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Culture and heritage

Aboriginal heritage

The Park is within the Traditional lands of the Wadawurrung people.

Wadawurrung people have a long history in the area, both before European settlement and in more recent times. The Woowookarung area was used by the Wadawurrung for shelter and everyday life when seasonal conditions on the surrounding volcanic plains became less favourable than in the warmer months.

The Wadawurrung continue to use this area today for a variety of cultural purposes, including as a source of materials for ceremonies and other activities.

Woowookarung Regional Park is also a backdrop for the passing of cultural knowledge between local Aboriginal people, and a landscape in which principles of caring for Country can be practised by all.

Other historic legacy

This area saw a significant population influx during the 1850s gold rush when it was intensively mined. The nearby Canadian Lead was among the richest in the Ballarat area and was mined intensively for gold. During this period, the forest provided a source of firewood and timber for the construction of mine shafts and other purposes, and this use continued over subsequent decades.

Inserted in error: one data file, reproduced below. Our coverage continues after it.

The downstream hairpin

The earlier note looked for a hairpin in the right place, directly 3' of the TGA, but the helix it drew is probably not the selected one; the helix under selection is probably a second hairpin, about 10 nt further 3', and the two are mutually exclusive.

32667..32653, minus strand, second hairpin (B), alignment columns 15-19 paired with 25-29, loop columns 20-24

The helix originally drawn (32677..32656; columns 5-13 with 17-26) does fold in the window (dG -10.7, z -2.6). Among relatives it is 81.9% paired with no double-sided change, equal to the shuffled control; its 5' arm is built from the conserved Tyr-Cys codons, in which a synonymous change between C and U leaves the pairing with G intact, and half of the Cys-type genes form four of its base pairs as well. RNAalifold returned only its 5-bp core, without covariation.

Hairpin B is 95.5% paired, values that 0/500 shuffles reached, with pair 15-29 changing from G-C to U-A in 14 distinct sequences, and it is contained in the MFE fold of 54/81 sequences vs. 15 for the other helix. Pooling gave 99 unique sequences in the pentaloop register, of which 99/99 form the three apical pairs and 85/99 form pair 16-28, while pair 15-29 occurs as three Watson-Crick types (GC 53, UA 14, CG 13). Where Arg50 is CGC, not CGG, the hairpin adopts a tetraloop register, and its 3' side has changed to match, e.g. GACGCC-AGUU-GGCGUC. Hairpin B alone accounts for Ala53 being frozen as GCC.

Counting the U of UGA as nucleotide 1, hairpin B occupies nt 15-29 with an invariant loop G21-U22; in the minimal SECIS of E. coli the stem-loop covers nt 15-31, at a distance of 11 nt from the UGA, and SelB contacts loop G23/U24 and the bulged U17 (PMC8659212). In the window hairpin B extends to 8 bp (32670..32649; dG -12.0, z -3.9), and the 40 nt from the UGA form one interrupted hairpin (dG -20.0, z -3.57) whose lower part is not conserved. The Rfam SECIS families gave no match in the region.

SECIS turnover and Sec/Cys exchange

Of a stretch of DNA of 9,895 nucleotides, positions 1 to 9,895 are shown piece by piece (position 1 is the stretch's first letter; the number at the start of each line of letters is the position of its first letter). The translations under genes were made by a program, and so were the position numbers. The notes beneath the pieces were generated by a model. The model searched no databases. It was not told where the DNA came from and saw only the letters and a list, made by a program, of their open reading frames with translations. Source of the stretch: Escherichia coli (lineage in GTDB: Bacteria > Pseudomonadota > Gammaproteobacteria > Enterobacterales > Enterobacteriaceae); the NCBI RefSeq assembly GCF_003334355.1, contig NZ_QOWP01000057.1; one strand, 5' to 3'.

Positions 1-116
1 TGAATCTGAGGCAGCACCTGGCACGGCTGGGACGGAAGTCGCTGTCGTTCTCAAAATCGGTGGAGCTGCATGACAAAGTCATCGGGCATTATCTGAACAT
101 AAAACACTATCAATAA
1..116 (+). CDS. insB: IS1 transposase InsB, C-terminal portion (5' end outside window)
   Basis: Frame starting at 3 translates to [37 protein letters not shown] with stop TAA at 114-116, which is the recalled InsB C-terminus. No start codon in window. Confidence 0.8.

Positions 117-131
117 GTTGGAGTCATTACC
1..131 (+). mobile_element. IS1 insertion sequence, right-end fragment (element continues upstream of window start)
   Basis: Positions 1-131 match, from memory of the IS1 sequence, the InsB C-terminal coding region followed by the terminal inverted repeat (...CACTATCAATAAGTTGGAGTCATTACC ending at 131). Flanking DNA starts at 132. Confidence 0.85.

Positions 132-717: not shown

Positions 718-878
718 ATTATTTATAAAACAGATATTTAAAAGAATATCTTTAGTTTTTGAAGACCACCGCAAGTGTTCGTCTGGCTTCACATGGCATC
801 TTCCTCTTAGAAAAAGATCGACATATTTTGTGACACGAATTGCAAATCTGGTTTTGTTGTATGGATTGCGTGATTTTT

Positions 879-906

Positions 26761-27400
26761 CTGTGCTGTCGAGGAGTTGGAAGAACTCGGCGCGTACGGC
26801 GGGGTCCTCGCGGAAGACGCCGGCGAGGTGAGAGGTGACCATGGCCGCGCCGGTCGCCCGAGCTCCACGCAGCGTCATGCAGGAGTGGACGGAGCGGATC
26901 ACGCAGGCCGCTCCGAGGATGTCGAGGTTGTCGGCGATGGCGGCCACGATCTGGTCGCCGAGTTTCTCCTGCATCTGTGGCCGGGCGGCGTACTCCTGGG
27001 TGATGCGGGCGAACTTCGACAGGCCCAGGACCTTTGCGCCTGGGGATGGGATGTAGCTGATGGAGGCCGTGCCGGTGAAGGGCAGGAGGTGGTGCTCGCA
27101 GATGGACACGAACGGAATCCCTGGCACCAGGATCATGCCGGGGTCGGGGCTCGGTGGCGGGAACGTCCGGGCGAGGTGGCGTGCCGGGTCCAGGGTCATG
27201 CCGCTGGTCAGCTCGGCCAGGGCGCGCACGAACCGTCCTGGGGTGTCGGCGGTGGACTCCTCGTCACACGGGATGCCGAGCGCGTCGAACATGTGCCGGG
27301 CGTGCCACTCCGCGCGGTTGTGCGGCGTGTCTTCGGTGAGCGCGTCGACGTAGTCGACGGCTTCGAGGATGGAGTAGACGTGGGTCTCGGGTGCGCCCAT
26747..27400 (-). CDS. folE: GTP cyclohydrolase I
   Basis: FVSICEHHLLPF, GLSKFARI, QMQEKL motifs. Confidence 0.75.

The Canadian Lead, the Ballarat suburb of Canadian, the Canadian Creek and the Canadian Regional Park (now Woowookarung Regional Park) are thought to be named after gold miner Captain Henry Ross, who emigrated from Canada during the gold rush. Ross became a successful miner and also played a key role in the Eureka rebellion of 1854.

Plantation forestry was established in the area during the 1950s-1960s and continued until 2012, after which time the land was divested to the State government in response to a two year community driven campaign to secure and protect the park area for future generations.